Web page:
Most businesses aren’t a fit for VC, but that doesn’t make them bad investments. Some businesses fail to raise deserved capital, and others raise from VC when they really should not have done so. Let’s call them the middle market of tech — companies that have the potential and desire to be more than “lifestyle” businesses, but which are unlikely to be “unicorns” with billion-dollar valuations.

The power law dynamics of venture funds drive businesses to chase unicorn-status. Potentially good businesses drive themselves out of business stretching too far, too fast. Boards turn down good exit options to go long, because a smaller return won’t solve their economics. Founders and employees dilute themselves to tiny ownership stakes, bury themselves under huge preferences, and then fail to achieve the kind of stratospheric exit needed to walk away with anything for all their hard work.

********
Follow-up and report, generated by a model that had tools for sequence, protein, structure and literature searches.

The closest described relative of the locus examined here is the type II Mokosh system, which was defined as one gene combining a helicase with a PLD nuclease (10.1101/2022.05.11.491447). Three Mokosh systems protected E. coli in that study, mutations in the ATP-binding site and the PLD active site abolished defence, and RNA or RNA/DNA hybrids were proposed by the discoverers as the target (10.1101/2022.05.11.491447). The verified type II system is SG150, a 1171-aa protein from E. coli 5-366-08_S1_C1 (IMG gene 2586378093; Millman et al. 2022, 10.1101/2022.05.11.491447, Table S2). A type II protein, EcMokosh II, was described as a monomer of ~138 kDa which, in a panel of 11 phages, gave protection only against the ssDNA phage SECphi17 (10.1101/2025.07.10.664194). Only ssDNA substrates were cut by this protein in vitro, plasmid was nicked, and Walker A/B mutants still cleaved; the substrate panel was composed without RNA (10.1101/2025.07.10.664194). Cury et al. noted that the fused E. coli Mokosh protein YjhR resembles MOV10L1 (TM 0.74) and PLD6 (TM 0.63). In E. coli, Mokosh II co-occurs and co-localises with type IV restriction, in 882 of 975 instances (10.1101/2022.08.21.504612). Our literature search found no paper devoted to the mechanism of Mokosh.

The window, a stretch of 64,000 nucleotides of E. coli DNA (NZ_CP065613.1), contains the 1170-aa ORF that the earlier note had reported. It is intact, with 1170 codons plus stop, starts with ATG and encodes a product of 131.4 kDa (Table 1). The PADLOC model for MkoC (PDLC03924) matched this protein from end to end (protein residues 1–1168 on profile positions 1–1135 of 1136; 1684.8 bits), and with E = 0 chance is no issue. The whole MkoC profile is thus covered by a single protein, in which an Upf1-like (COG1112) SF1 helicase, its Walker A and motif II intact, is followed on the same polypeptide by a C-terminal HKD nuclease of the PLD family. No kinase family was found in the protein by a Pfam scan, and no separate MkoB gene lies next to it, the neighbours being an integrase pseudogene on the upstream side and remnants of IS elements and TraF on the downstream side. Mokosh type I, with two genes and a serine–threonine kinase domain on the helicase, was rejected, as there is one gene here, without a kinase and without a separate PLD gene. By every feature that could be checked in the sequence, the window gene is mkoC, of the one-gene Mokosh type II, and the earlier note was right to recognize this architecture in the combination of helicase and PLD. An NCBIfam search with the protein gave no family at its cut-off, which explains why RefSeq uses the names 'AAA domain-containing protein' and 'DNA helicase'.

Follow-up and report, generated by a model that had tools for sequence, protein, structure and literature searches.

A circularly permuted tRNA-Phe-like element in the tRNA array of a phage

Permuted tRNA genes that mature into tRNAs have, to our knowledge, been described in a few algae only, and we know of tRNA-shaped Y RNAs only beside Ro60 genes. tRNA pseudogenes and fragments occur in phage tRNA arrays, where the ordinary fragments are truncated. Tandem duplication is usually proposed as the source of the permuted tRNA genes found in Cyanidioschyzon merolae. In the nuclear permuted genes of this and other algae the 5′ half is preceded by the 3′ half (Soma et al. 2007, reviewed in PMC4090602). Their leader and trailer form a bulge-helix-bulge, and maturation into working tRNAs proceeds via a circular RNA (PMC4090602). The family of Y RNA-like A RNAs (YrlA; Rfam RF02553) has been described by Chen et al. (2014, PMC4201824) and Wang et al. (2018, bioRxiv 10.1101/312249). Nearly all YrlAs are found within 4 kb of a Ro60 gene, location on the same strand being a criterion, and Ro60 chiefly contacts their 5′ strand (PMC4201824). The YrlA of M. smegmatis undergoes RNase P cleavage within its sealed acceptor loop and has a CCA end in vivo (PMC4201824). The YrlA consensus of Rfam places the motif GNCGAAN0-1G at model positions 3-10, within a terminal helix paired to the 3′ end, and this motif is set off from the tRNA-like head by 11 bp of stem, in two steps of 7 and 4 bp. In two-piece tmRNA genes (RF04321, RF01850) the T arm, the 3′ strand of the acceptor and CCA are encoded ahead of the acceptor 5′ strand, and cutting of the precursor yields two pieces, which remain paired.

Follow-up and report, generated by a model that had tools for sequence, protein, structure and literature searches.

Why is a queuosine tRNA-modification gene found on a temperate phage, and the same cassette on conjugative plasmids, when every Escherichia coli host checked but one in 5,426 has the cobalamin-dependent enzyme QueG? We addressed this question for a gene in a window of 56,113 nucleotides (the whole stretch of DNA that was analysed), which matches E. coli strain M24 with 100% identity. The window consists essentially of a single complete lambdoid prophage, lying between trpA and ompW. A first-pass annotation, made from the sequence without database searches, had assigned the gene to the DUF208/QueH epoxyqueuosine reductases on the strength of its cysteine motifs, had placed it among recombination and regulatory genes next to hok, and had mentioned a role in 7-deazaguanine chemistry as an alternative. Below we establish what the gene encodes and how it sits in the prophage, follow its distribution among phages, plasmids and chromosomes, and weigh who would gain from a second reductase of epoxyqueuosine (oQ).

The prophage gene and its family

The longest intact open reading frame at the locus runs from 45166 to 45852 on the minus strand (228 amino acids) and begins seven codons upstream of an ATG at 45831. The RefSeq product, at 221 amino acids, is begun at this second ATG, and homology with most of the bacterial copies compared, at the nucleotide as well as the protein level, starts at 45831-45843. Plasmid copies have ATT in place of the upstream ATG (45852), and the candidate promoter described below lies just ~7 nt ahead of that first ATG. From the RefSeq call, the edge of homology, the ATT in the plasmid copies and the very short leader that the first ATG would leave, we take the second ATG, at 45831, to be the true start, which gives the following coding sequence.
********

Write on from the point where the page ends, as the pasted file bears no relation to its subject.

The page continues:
There is way too much wasteful “go big or go bust” behavior, but there are no easy villains here. There are plenty of VCs who try to be patient and flexible with their portfolios, but ultimately VC funds, especially the larger ones, have certain realities when it comes to their economics. These realities are simply not aligned with the middle market of tech.

However, VC power laws are not immutable.

The nature of tech companies has changed, particularly as software has impacted more and more industries. First, advances in software frameworks, dev-ops tools, open source technologies, and cloud infrastructure have made it far more capital efficient to start and grow your average technology company. Second, advances in entrepreneurial business thinking, led by Steve Blank and Eric Ries’ lean startup model, have helped entrepreneurs de-risk their ideas in far more capital efficient ways. Lastly, the tech world has long figured out how to shift from one-time license purchases to recurring revenue models, making their financials less lumpy and more predictable.